Now, I have spent a bit of time talking about blogs, but I said in my introductory post that in this particular blog, I would also be talking about issues relating to design and publishing, so I thought that I may as well start with the basics.
Although many of the design principles and features of print media are able to be transferred into an online format, it is important to remember that they are two very different mediums. The presentation of online news must balance traditional design principles with the new capabilities of the online format. Although, interestingly enough, most online producers focus on the content of a news site, rather than with its layout.
The first important thing to do is make sure that your readers know where to find what they are looking for. With a printed newspaper, people tend to know the rough order of stories, and where to find what they are looking for, whether it is world news, sports or the comics. But if they don’t know where something is, they can just check the contents page.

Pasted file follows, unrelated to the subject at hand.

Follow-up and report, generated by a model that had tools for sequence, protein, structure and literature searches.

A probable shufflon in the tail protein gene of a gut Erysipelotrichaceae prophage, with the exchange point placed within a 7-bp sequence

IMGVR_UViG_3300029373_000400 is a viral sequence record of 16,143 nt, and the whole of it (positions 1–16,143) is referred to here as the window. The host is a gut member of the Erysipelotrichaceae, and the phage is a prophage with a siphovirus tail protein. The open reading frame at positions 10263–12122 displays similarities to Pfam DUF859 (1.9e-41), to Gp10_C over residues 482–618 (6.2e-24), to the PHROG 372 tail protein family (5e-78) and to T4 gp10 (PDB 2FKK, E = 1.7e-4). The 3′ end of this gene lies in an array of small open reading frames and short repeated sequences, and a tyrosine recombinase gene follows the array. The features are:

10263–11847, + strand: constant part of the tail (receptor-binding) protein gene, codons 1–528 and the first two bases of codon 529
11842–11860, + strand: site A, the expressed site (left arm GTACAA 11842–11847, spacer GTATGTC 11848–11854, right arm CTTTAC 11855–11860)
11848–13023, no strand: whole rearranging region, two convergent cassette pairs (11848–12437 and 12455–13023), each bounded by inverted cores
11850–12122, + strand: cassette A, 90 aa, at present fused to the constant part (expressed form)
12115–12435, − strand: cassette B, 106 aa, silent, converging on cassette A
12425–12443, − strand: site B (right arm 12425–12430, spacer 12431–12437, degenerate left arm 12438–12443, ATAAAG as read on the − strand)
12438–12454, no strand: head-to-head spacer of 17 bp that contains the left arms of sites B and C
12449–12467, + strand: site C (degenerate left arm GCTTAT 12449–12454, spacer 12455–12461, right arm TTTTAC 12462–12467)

With an online medium, there is no contents page, so the page needs to be presented in such a way that makes sure that the reader knows instinctively where they need to go to access what they are looking for by having a clear presentation.
I personally really like the layout of the Australian‘s website (www.theaustralian.com.au). Not only do I find it aesthetically pleasing, but I like the way it doesn’t give too much focus to images and that it’s ‘above the fold’ links include not just major stories, but breaking news and opinion pieces.
However, my favourite aspect would be the contents listing in the banner across the top of the page. Not only does this make it really easy for anyone to find what they are looking for quickly, but it is organised so well that even when you click on a heading, there are sub-headings within each category.
So, what news sites do you find most user-friendly? Do you prefer more content-based sites, or image and video based ones?